By Susan Phipps
Our political leaders in Raleigh seem to be having a little trouble with reality these days. After years of starving public education in North Carolina, our elected state leaders are now claiming that North Carolina schools and teachers are better off than ever.
Don’t you believe it. Three main points in recent political ads from Raleigh incumbents will illustrate what I mean.
First claim — NC teachers are getting the largest salary increase in the nation. The ‘average’ increase this year is 4.7%, which does sound generous … until you realize a lot of teachers are NOT getting that much, AND teachers had a 0% increase last year, while other states have increased salaries gradually every year to keep up with inflation. I’d say it looks like Raleigh only gives raises in election years, but sometimes they don’t even do that. Most state employees receive a little extra pay for every year they work for the state. Two years ago (another election year), the legislature took away that Longevity Pay from teachers and just rolled it into their salaries … and called it a raise. I call it a Shell Game.
Second claim — North Carolina is spending more on education than ever. This ignores the fact that we have more STUDENTS than ever and that the number of students is growing a lot faster than the budget that is supposed to cover educating them. What this means is that per-pupil spending is actually FALLING, and North Carolina is now in the bottom five states in the country. The state is also spending about HALF what we did 8 years ago on technology and instructional materials (think old, out-of-date textbooks and software trying to prepare students for the jobs of the future). And there are a lot fewer teaching assistants for the youngest students, so they are not getting the one-on-one help they need in order to master basic skills.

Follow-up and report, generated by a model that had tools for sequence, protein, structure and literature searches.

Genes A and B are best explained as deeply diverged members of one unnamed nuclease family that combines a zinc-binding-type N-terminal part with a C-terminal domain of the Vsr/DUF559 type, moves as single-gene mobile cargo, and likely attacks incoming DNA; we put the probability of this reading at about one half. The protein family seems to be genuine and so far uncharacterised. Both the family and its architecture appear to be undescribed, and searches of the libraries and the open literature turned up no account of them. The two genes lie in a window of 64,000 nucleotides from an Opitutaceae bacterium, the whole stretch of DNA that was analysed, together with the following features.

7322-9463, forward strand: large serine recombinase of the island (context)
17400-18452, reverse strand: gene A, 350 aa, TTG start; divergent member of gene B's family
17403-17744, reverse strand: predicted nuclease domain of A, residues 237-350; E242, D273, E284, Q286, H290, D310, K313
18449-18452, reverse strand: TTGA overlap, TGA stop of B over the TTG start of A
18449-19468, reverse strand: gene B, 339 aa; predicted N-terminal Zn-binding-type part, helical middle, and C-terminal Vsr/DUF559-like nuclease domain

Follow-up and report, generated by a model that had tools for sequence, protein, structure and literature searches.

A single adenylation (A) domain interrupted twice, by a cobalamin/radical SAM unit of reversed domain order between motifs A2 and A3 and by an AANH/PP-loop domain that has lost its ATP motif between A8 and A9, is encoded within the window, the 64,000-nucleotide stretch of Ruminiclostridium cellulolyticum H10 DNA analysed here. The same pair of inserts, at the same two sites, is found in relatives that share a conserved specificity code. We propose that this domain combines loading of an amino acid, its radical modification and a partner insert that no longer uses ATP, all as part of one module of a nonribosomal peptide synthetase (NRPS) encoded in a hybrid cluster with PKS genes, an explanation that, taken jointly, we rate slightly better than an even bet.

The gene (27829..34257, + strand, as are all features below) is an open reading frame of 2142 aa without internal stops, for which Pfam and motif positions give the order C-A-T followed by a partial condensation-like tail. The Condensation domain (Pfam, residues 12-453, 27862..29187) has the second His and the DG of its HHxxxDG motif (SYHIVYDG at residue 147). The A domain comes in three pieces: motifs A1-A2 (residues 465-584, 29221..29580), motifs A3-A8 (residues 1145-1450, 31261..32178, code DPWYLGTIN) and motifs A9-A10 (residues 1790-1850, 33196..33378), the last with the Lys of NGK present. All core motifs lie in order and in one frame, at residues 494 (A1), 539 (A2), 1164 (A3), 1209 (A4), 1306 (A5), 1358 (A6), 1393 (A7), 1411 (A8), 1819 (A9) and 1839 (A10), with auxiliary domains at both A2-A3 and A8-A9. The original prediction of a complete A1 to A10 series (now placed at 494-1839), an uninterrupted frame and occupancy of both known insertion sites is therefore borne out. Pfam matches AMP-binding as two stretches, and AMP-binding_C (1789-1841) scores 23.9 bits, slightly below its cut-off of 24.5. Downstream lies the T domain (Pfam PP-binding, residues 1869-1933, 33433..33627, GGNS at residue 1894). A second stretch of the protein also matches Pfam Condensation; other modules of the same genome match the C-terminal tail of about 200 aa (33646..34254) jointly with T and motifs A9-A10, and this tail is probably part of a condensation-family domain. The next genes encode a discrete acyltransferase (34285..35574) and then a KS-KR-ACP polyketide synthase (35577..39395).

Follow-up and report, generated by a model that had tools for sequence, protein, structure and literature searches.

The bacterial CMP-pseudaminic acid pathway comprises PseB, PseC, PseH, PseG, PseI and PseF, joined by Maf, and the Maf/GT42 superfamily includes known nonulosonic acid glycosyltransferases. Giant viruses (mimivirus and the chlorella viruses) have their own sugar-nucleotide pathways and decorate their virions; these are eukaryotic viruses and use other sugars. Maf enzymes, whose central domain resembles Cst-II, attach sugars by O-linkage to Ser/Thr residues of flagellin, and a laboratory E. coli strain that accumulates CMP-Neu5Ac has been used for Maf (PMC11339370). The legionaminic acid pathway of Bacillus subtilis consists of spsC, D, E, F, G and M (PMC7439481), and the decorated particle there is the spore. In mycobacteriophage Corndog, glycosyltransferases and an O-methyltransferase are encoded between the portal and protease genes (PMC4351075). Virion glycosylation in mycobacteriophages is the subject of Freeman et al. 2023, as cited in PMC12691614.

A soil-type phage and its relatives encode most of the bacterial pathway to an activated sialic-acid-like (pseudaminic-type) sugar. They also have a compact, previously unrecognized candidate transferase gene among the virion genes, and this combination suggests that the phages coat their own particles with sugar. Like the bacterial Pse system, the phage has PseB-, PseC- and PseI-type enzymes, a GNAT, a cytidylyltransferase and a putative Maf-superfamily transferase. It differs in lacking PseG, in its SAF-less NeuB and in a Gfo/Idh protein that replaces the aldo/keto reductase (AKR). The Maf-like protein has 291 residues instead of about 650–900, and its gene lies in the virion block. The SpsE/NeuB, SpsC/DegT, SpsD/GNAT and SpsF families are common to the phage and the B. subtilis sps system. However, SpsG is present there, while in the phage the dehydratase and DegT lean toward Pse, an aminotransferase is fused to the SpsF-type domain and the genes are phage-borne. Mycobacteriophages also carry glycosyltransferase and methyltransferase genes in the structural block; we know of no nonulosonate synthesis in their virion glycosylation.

Finally, the most outrageous claim of all — that the average teacher in our state earns $50,000 a year. The teachers I know and work with would love to make that much. The only way Raleigh could come up with a figure like that is to include the Wake County local salary supplement (which the state does not fund) in their pay figures, conveniently ignoring the fact that Wake County pays a much larger supplement than other counties do, and some counties pay no supplement at all. In Watauga County, the supplement for teachers with 15 years of experience is less than half the amount the same teacher would receive if he or she were working in Wake County.
Right now, someone with a four-year degree and a specific professional license in almost any other field can expect to earn far more than the professionals to whom we entrust the futures of our children, and they will surely receive much larger raises than the $16,000 a North Carolina teacher can expect to receive over a 30-year career.
If we truly value our children’s educations, we need to value their teachers.
Susan Phipps is a retired Watauga County educator and adjunct faculty member in the ASU College of Education, helping to train student teachers.